Baker, Ruth E. (2005) Periodic pattern formation in developmental biology: a study of the mechanisms underlying somitogenesis. PhD thesis, University of Oxford.

PDF
5MB 
Abstract
Somitogenesis, the sequential formation of a periodic pattern along the anteroposterior axis of vertebrate embryos, is one of the most obvious examples of the segmental patterning processes that take place during embryogenesis and also one of the major unresolved events in developmental biology. The principal aim of this thesis is to develop a series of mathematical models for somite formation.
We begin by reviewing the current models for somitogenesis in the light of new experimental evidence regarding the presence of a segmentation clock and graded expression of FGF8. We conduct a preliminary investigation into the wavefront of FGF8 along the anteroposterior axis and integrate this model into the framework of an existing model for a signalling process. We demonstrate that this new “Clock and Wavefront” model can produce coherent series’ of somites in a manner that is tightly regulated in both space and time, and that it can also mimic the effects seen when FGF8 expression is perturbed locally. We then use the model to make some experimentally testable predictions.
The latter part of the thesis concentrates on building more biologically accurate model for the FGF8 gradient. We move to consider a model for the FGF8 gradient which involves a complex network of biochemical interactions with negative feedback between FGF8 and retinoic acid. The resulting system of seven coupled nonlinear equations, including both ordinary and partial differential equations, is difficult to analyse. To facilitate our understanding of the nonlinear interactions between FGF8 and retinoic acid, we finally consider a reduced model which can display travelling wavefronts of opposing FGF8 and retinoic acid concentrations moving down the anteroposterior axis. The model allowed us to calculate a minimum wave speed for the wavefronts as a function of key model parameters such as the rate of FGF8 and retinoic acid decay; strong dependence on the values of these parameters is a result that is hypothesised to occur in vivo.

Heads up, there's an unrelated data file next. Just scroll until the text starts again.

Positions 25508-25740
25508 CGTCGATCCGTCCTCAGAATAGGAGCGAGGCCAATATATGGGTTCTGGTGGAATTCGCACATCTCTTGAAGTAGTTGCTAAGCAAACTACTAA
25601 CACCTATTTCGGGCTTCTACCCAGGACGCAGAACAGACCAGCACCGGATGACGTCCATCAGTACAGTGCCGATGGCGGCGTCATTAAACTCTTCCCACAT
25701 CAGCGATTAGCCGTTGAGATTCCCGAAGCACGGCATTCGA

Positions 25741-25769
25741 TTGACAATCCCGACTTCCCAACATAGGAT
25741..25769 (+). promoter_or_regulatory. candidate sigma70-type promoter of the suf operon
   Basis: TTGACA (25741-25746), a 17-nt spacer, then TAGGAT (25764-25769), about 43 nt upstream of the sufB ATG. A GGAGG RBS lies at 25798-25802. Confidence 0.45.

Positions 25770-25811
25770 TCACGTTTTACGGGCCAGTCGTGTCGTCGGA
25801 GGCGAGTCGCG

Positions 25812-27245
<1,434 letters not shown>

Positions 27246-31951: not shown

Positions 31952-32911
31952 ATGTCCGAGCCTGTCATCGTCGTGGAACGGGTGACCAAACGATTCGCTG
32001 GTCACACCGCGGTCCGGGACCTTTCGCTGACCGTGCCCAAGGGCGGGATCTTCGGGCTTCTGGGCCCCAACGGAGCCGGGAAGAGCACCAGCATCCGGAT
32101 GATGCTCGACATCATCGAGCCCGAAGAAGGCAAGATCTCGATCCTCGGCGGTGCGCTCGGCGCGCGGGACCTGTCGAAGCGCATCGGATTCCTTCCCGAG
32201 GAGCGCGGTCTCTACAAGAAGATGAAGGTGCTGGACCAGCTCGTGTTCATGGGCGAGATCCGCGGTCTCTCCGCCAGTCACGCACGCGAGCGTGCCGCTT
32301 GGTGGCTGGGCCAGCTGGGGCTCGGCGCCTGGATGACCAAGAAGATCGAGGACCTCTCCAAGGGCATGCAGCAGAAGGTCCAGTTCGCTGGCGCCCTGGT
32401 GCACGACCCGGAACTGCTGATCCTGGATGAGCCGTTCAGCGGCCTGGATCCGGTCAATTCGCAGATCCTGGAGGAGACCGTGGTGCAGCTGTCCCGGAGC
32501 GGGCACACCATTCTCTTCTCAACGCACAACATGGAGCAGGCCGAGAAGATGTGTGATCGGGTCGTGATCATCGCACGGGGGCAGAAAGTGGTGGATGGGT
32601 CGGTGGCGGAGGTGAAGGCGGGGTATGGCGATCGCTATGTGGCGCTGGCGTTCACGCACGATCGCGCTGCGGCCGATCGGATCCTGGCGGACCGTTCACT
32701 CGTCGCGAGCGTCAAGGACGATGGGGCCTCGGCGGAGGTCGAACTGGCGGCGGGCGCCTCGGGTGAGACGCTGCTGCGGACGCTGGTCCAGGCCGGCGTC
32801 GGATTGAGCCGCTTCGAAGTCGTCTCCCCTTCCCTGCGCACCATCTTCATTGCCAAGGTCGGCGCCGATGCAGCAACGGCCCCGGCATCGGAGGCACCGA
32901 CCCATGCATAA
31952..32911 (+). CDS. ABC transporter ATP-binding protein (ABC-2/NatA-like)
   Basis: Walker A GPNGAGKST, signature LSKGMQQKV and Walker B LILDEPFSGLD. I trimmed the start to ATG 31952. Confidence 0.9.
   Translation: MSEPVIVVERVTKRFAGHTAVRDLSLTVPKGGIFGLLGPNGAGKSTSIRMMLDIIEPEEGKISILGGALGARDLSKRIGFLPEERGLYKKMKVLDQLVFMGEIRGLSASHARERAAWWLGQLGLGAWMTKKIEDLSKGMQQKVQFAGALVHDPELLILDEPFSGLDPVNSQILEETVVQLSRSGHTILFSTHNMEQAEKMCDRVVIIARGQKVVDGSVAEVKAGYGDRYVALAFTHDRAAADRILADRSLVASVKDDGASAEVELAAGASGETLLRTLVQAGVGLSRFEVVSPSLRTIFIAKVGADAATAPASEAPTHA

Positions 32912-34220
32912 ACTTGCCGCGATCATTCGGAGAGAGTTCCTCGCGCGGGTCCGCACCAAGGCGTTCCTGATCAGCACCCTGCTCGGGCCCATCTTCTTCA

Item Type:  Thesis (PhD) 

Uncontrolled Keywords:  Mathematical modelling, pattern formation, somite formation 
Subjects:  O  Z > Partial differential equations A  C > Biology and other natural sciences 
Research Groups:  Centre for Mathematical Biology 
ID Code:  568 
Deposited By:  Ruth Baker 
Deposited On:  08 Feb 2007 
Last Modified:  29 May 2015 18:24 
Repository Staff Only: item control page